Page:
• unexplored: While it might be educational to work on a new direction that has been explored before, you don't want that to be the fate of all your research explorations ! Here again, being plugged into your community and understanding what people have tried (or not) is also helpful. There are often "folklore" statements of the form "Oh this doesn't work because...". Sometimes it's true. and sometimes it's not. But it's best to understand what people have seen and what they're trying. Related to this is the idea of knowing your strengths: you'll accumulate a set of tools over time that you're an expert at. Make sure that you can use them: that gives you a competitive advantage.

We get a lot of questions here about whether anyone can do research (even if they're not in a formal academic environment). The answer of course is yes. But where amateurs (in the sense of people not being paid to do research) can often slip up is in identifying gaps that are feasible and unexplored (finding interesting gaps is usually not that difficult to do on your own) because they're not plugged into a larger commmunity.

Update: In response to the edit, here's an interview with John Baez that directly addresses the first point (of all the good problems being taken). John Baez's other suggestions are very good as well, and form a nice 'counter' to the Hamming article linked above.

  • 1
    I think you raise an insightful and useful point in contrasting with amateur researchers; I had not considered this (hence the +1). How do these three factors rank? Should I start by saying, "I have the following tools - let's see what problems I can apply them to"? Or should I find good problems and then look for the tools? When searching for an interesting, feasible, unexplored problem, in what order should I filter my search space? Find feasible problems, and see which ones are interesting? Find interesting problems, see which ones are unexplored?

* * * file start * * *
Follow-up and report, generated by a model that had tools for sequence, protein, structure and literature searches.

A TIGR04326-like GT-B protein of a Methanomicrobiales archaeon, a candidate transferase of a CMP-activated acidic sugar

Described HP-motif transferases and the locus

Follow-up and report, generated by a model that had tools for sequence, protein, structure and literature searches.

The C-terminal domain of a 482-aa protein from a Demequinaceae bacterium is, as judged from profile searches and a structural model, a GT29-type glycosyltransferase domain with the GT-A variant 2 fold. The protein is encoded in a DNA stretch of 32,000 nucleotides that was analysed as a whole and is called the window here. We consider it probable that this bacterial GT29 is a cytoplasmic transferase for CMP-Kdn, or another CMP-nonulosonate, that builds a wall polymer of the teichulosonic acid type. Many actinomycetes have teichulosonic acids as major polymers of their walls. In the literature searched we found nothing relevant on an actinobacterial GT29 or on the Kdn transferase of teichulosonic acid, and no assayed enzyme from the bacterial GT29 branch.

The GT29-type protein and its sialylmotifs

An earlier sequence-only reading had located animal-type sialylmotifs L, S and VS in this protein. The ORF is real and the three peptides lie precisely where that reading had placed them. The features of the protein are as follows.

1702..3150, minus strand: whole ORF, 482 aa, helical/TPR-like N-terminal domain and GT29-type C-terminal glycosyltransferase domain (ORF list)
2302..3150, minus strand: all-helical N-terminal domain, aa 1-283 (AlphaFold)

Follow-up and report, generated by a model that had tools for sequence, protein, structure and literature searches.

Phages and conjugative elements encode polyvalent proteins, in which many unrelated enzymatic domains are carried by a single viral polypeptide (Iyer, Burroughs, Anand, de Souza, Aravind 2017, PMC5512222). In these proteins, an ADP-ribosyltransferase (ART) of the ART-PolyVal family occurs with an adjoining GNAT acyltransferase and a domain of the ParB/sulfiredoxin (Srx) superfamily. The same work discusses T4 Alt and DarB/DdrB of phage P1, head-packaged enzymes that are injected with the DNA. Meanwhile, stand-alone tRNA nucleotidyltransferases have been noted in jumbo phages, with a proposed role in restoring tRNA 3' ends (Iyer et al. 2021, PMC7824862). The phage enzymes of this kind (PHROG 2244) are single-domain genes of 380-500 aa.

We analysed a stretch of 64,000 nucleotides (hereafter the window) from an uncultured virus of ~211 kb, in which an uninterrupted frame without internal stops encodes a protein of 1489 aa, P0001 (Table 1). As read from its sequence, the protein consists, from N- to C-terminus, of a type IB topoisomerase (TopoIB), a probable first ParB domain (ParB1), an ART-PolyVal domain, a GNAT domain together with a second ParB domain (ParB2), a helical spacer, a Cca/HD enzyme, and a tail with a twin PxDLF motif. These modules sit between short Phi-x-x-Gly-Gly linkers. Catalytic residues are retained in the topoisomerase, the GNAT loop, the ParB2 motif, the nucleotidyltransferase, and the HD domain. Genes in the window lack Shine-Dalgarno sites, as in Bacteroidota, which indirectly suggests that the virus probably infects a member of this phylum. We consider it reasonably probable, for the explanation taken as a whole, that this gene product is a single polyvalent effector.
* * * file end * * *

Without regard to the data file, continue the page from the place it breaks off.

– Superbest
    Commented Apr 7, 2014 at 19:42
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    @superbest: There's no one right answer. Any of these approaches can be successful. Commented Apr 7, 2014 at 20:55
  • What @NateEldredge said.
    – Suresh
    Commented Apr 7, 2014 at 20:55

The only way I know is to read, read, and then read some more. The more you know and truly understand about your field and other fields, the better you'll be at identifying gaps. There is no shortcut to this. It takes a lot of hard work and experience.

  • Obviously identifying gaps in published research involves reading the published research. However, I find it hard to believe that reading indiscriminately is the most effective approach.
    – Superbest
    Commented Apr 7, 2014 at 21:24
  • No one said to read aimlessly. You have to know about your field and you have to know about related / tangential ("other") fields. There is no other way to identify "gaps". As you develop knowledge about your research area, you'll develop intuition that will help you make intelligent guesses as to what may constitute interesting original research. It involves reading however. The only other way is to ask someone who has already done the reading.
    – ntaj
    Commented Apr 8, 2014 at 20:47

I find that when lots of the other authors working on my topic area note what "future research" should address, it's a good indicator that there's some headway there. It's not a very good answer, but I am finding that the more I read and the better acquainted I get with the field and trends, the better I develop a sense of where there are "gaps".


Gaps could be a hindrance when creating a change in practice because there is no research to support the change or the use of an intervention. A thorough review of literature should be performed to identify validity and reliability before considering implementing a change in practice. A critical part of reviewing literature is identifying gaps, and when they are found an outline should show those areas of research that is incomplete. Sometimes gaps are a help if further research information can be found on the topic. So, there is a potential for further study or independent research. Also, a researcher can produce their own interpretation and suggest how future studies may carry on or what actions could be taken to fill those gaps to improve the topic outlook.